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1999 News Archive

Attention Focusses on Taren Point Wetlands

30 November

Release of the new Plans of Management for Towra Point has not only focussed attention on Towra but also on the entire wetland system of southern Botany Bay. Taren Point wetlands are located on the other side of Woolooware Bay to Towra Point and contain stands of mangroves as well as significant mudflats. The mudflats are habitat for a number of threatened shorebird species some which have been listed as an Endangered Ecological Community under the Threatened Species Conservation Act.

The Plans have recommended that land at Taren Point be acquired for inclusion in the Nature Reserve and within the area covered by the Ramsar agreement. Groups such as Taren Point Wetland Group and Kurnell Regional Environment Planning Council have been pursuing the issue fairly strongly in recent months.

Lend Lease Help Out at Weedy Pond

23 September

A group of almost 40 Lend Lease employees have this week contributed their Annual Community Day to the Weedy Pond Rehabilitation Project. The group assisted on the work site by removing significant areas of lantana from around the pocket of rainforest and the wetland. In the process they also widened the corridor of rehabiltated bushland that had been created between two shorelines of the Reserve. The group also assisted with removal of weeds along Towra Beach during the day. Click here to find out more.

Draft Plan of Management Released

16 August

The New Draft Plan of Management for the Towra Point Wetlands has been launched at an official ceremony held today. Two documents were launched by the NSW Minister for the Environment, Mr Bob Debus and the Federal Member for Cook, Mr Bruce Baird. The documents launched are:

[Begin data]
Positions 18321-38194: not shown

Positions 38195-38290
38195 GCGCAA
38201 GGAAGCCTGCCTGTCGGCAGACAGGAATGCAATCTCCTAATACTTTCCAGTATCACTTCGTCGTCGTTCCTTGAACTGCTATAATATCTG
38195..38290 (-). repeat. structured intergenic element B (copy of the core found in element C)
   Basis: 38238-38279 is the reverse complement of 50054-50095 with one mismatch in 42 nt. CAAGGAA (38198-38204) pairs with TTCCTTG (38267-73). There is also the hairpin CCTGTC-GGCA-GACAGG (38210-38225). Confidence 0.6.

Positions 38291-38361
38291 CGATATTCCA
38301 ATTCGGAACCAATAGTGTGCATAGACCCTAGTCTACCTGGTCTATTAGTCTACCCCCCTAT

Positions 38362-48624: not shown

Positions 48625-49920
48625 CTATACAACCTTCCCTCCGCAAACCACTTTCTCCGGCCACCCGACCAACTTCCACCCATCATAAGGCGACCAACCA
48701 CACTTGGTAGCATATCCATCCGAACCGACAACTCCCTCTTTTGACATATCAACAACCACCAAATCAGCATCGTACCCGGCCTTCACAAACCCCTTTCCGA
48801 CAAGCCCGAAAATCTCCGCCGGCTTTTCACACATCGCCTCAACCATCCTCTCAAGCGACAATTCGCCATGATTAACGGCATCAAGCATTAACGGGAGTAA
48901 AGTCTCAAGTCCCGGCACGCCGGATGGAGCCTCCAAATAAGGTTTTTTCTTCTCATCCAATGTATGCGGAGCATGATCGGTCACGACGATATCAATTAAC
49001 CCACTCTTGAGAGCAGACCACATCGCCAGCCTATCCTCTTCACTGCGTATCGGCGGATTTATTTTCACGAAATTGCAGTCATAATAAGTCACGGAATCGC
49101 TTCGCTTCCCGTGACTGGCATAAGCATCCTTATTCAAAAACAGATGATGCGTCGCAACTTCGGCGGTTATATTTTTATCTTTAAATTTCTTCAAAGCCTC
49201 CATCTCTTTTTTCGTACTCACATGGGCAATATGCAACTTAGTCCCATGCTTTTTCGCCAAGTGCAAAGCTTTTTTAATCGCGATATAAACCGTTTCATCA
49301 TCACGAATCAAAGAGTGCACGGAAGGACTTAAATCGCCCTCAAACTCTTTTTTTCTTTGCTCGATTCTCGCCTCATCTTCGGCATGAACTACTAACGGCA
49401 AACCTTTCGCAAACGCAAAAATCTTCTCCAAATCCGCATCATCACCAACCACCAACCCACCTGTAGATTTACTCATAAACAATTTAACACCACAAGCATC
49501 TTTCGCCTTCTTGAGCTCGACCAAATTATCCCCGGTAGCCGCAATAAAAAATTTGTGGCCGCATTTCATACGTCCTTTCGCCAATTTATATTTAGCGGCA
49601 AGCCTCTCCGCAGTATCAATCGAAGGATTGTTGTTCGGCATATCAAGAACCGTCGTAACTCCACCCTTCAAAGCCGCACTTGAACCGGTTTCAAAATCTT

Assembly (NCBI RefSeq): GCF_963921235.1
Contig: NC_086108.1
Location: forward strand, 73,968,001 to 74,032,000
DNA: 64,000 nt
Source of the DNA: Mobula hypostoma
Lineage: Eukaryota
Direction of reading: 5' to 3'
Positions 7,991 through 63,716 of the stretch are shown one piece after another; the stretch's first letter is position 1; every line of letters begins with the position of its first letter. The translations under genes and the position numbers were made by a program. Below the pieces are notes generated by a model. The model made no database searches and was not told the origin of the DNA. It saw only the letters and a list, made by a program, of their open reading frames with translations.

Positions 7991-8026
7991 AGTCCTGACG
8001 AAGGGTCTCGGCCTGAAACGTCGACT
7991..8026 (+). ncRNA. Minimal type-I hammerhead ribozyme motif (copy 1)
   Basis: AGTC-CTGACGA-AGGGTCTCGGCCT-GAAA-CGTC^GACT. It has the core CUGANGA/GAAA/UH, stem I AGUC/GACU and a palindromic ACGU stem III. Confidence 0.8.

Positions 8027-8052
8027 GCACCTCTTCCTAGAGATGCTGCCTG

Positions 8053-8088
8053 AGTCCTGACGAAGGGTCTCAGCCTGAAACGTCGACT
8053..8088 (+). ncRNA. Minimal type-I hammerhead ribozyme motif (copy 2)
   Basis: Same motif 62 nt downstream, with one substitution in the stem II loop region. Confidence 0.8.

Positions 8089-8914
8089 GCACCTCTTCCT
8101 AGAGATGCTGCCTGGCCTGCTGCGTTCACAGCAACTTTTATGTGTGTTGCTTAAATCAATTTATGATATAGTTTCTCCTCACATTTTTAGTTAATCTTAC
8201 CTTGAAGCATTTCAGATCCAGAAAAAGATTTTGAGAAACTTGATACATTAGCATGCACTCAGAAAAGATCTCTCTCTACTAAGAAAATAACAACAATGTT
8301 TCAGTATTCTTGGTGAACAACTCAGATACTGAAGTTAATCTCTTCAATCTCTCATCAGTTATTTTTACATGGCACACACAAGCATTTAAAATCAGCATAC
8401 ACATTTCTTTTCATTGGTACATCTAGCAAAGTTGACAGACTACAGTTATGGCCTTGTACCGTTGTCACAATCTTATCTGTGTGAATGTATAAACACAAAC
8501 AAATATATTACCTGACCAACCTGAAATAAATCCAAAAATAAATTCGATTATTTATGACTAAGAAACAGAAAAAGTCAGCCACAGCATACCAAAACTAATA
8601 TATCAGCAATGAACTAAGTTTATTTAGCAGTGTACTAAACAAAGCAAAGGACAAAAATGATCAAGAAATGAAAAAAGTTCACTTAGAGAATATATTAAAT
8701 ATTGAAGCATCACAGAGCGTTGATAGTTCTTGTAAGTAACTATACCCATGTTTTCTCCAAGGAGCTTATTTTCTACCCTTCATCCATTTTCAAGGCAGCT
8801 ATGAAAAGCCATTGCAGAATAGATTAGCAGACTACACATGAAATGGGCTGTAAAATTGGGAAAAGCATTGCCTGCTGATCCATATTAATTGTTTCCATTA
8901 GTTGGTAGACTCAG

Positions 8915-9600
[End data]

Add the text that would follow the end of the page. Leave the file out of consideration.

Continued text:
• Draft Strategic Plan (Towra International Wetlands)

  • Draft Plan of Management (Towra Point Nature Reserve)

The official launch included a boat tour of the wetlands and was attended by representatives from all levels of government, community and environment groups, conservationists, Towra volunteers, and by local and Sydney-wide media. Members of the public will now have an opportunity to comment on the Plans. An overview of the Plans as well as a submission form are now available on this site. You can find out more details by clicking here.

Funding Commitment for Erosion EIS

16 August

At the official launch of the new Draft Management Plans for Towra, a new funding commitment was made by both the State and Federal Governments. They have both commited $25,000 each towards the preparation of an Environmental Impact Statement on the long-term solution to the erosion problems that are being experienced along Towra Beach. A submerged offshore breakwater has been identified as the preferred option costing between $2m and $4m.

Update on Damage to Towra Beach

16 August

Recent wild wind storms along the coast have caused extensive damage to stretches of Towra Beach. In particular, areas near Towra Lagoon have been badly affected. The photo shows the impact erosion has had on Towra Beach in recent years. In 1997/98 a sandbag wall was erected to provide some protection to the lagoon but this wall, along with the lagoon, has been severely damaged.

The wall was designed to be a temporary measure to allow decision-makers time to assess options for a long-term solution to the erosion problem. The wall has had to cope with two 1 in 20 year storm events in less than 12 months.  As a result of dredging in Botany Bay, 30m of beach has been lost in the last 25 years.

The recent storms have thus created an open channel between Botany Bay and the lagoon which will necessitate urgent remedial action to prevent wave action from impacting on terrestrial areas behind the lagoon.

We will continue to provide updates as action is taken.

International Media Visits Towra

14 July

Ms Margarida Serra, a journalist from the Portuguese radio station TSF has this week visited Towra to include details about the Reserve in a story on important ecosystems in this region. The station is doing a series of programs on ecosystems in five different parts of the world. The reporter took a particular interest in Towra Point as a result of this website.

As a guest of Sutherland Shire Environment Centre (SSEC), Margarida was given a guided tour of the Nature Reserve by representatives from the Centre, National Parks and Wildlife Service (NPWS) and Sutherland Shire Council. Margarida also conducted a number of interviews with Geoff Ross from NPWS (below, left) and Simon Kimberley from SSEC (below, right)